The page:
Unit 1: Inclusive Practice
Inclusion & Promoting Inclusion
“Inclusion is about creating interesting, varied and inspiring learning opportunities for all learners, ensuring all learners contribute and are never disadvantaged by methods, language or resources” Wilson (2008) p 153. As the CSIE explain: “Arguments for inclusive education are well documented and rest on notions of equality and human rights. Much more than a policy requirement, inclusion is founded upon a moral position which values and respects every individual and which welcomes diversity as a rich learning resource.” (www.csie.org) So although inclusion is essential in any learning institution, it is important for a teacher to recognize that it goes beyond the realms of the classroom to affect the wider social community.
Inclusivity requires that teachers use appropriate tasks and resources to involve everyone and there are various teaching methods and approaches which can go some way to ensure inclusion within learner sessions. Examples include partnering learners with different abilities giving individuals a chance to learn from each other whilst working together; regularly swapping round the individuals in group learning sessions and employing a variety of teaching styles to reinforce an explanation, such as handouts, presentation and demonstration. If teachers plan their lessons to accommodate V.A.R.K learners, sessions will be intrinsically inclusive. If students lack confidence, teachers can establish a series of short achievable tasks as milestones and reinforce their achievements with praise at each juncture. For learners with poor engagement, teachers can construct a lesson plan that is divided into achievable sections and use elements of brain gym within or between sections to keep learners engaged. Inclusive education is based on a belief that student differences are a positive thing; viewing these differences as resources to support learning as opposed to to seeing them as a problem which must be tackled by the teacher. All students and staff must be treated equally; in an environment where barriers to learning and participation are constantly challenged.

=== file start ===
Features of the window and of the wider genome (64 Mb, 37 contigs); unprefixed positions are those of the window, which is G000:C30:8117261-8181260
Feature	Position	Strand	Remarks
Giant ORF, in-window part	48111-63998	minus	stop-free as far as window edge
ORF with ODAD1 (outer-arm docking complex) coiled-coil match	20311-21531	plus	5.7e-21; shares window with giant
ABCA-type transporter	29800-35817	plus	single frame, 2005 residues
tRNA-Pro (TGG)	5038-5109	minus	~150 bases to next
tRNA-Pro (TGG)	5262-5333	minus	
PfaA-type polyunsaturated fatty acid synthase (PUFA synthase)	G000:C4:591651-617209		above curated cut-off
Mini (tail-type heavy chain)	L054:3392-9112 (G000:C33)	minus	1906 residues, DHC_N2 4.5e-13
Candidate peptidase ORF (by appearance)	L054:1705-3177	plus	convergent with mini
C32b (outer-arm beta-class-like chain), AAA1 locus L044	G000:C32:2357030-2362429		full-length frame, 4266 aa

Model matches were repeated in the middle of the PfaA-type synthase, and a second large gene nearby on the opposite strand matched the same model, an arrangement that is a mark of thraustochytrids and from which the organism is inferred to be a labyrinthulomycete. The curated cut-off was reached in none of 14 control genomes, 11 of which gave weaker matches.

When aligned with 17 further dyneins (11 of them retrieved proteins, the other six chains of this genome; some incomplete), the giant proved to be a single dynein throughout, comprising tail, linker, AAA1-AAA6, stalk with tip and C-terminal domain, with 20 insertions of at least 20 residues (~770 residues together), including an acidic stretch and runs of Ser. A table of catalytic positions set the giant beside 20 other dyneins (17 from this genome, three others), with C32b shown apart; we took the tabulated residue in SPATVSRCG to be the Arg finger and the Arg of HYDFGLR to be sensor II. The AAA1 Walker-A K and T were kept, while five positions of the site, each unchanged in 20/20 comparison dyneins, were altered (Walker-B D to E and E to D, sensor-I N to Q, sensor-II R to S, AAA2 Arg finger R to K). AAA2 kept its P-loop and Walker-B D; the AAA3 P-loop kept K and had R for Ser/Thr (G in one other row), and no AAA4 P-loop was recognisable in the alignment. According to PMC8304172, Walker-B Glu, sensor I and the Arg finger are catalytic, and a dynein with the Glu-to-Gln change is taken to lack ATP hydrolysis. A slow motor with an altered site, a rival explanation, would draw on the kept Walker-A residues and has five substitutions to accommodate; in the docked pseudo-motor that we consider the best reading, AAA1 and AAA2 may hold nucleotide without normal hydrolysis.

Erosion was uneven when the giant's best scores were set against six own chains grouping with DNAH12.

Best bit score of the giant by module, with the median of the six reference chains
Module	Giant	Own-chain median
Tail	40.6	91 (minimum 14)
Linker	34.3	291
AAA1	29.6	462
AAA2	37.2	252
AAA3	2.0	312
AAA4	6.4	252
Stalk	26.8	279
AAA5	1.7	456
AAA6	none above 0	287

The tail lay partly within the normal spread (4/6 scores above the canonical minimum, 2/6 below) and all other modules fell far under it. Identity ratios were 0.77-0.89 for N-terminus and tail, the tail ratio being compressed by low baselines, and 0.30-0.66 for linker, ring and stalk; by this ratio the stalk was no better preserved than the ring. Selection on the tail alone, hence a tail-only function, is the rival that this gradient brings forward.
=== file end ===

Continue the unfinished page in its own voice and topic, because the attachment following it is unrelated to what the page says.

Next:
Personal, social and cultural factors
Creating a truly inclusive classroom is often easier said than done; particularly when one considers the huge range of learners that a teacher is likely to encounter. Personal, social and cultural factors have a huge impact on learning and these factors must be assessed and taken into account in all lesson planning. Personal factors cover a huge spectrum of issues including individual ability or disability, previous education, self-esteem, motivation, diet & lifestyle, sexual orientation, age gender and financial circumstance. A student whose previous learning experiences were essentially negative will normally lack motivation so the teacher must devise activities and draw up lesson plans to make learning a more fun & positive experience. Choosing a subject/topic that an unmotivated student has an active interest in, can often be a good starting point; whilst introducing games and activities related to the curriculum can help to increase student engagement and boost motivation. Social factors such as housing issues, family support (or lack of it), single parents, peer pressure, drug or alcohol problems etc also have a huge impact on learning, and can often create a genuine barrier to full student engagement. Cultural factors are similarly important and cannot be overlooked if the teacher is fully committed to inclusive practice. Religion, cultural values and language issues are the most obvious cultural factors that must be considered, but these go hand in hand with related gender issues (i.e.: what is acceptable/unacceptable for women from certain cultural backgrounds), family pressure and a whole range of preconceptions which the teacher might not necessarily be aware of. This huge range of social, personal and cultural factors...
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